Why humans shouldn’t drink breast milk from a cow

Ambika Gupta, Editor-in-Chief

Photo by Mazin Awada

   Do you still consume breast milk? Breast milk from a different species than your own? Why are you drinking breast milk from a cow? Humans are the only animals that drink breast milk from an animal outside their own species. 

Dairy farmers repeatedly artificially inseminate cows, who are trapped in an endless cycle of pregnancy, in order to ensure milk production. After the birth of a calf, the mother cow and calf are immediately separated. Cows evolved to produce one gallon of milk per day, though through the use of artificial hormones cows now produce seven and a half gallons. Though the actual milking process does not cause physical pain, these cows are separated into cramped individual cells and are unable to roam, forced to stand in their own feces. 

Cow’s milk is suited for the needs of a calf, an animal with four stomachs that typically weighs 1,000 pounds by 2 years old. Milk has high levels of artery-clogging saturated fat and cholesterol, and this combination can lead to heart disease, the #1 killer in America.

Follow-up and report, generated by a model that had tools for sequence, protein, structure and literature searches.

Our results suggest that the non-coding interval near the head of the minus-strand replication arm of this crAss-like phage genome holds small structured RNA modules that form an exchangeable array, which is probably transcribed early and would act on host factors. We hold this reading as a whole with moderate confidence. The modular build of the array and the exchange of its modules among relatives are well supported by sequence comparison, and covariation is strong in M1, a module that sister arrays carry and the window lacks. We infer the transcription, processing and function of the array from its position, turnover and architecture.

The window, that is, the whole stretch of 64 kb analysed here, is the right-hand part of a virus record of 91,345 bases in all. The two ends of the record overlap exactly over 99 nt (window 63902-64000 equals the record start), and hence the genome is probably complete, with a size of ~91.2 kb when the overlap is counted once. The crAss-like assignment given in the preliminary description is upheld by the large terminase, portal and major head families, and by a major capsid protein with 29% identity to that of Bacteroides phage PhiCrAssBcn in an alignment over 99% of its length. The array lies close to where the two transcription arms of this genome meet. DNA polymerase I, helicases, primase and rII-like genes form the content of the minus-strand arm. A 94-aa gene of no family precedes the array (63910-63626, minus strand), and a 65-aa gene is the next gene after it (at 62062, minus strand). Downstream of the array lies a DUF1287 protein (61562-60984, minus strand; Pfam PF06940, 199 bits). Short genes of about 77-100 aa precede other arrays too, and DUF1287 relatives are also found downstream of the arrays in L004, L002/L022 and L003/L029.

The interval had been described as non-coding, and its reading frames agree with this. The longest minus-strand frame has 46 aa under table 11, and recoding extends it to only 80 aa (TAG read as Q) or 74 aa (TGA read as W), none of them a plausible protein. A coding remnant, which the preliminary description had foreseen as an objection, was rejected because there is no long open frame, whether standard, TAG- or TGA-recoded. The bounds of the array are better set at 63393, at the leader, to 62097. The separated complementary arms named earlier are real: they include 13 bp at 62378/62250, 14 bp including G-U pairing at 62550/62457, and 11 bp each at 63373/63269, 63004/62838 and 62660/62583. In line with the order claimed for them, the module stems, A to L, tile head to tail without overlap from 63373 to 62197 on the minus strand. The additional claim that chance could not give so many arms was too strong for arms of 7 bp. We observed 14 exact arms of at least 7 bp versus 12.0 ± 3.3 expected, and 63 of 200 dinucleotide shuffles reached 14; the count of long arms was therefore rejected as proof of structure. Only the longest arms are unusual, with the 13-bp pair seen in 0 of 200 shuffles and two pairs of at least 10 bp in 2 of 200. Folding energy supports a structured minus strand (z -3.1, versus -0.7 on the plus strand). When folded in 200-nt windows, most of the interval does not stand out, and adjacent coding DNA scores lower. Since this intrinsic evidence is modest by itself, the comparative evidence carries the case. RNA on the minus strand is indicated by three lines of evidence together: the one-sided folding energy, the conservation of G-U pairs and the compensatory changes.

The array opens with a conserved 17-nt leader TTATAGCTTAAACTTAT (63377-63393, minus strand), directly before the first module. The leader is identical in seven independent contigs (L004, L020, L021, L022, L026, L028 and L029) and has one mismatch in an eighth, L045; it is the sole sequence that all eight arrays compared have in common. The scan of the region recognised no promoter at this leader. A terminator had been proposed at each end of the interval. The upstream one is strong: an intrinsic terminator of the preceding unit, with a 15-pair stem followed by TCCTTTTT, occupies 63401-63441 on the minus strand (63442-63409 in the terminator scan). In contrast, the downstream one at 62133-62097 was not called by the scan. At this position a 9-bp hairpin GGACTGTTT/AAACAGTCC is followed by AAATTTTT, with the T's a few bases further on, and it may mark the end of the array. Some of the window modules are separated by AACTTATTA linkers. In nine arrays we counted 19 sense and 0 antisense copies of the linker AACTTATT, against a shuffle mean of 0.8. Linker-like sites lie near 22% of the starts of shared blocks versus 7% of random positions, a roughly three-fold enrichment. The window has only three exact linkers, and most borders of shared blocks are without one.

For many, milk is seen as a vital source of protein. Part of this is due to the infamous ‘Got Milk?’ long-standing government campaign. Dairy industries have been influential donors in politics, having made $5.1 million in federal contributions during the 2020 election cycle. These donations have stimulated the government’s support of the dairy industry, despite the fact that one in four Americans can’t properly digest milk.

Regardless, many underestimate the amount of protein within plant based alternatives. Silk’s Organic Unsweetened Soymilk contains 7 grams of protein per cup, while 1% fat milk contains 8 grams of protein per cup. This is just a 1 gram difference in protein. Soymilk is the healthier alternative for humans, cows, and mother earth. 

Dairy production also has a colossal effect on the environment: according to the University of Arkansas, a gallon of milk produced in the U.S. has a carbon footprint of 17.6 pounds of carbon dioxide. Not only that, these dairy farm systems pollute air and water while also contributing heavily to soil degradation and deforestation. Countries are recognizing the dairy industry’s harm, as of the 195 countries in the Paris Climate Agreement, 92 identified their own livestock industries as an area for climate action to be focused on in order to meet reduction goals.

Many people, including those in the LFA community, are transitioning away from only consuming cow’s milk, integrating plant-based alternatives into their diets. This change is vital, and the best way to start is by viewing plant-based milk as an addition to your life.

As PETA, People for the Ethical Treatment of Animals, puts it, “if she’s not your mom, it’s not your milk.”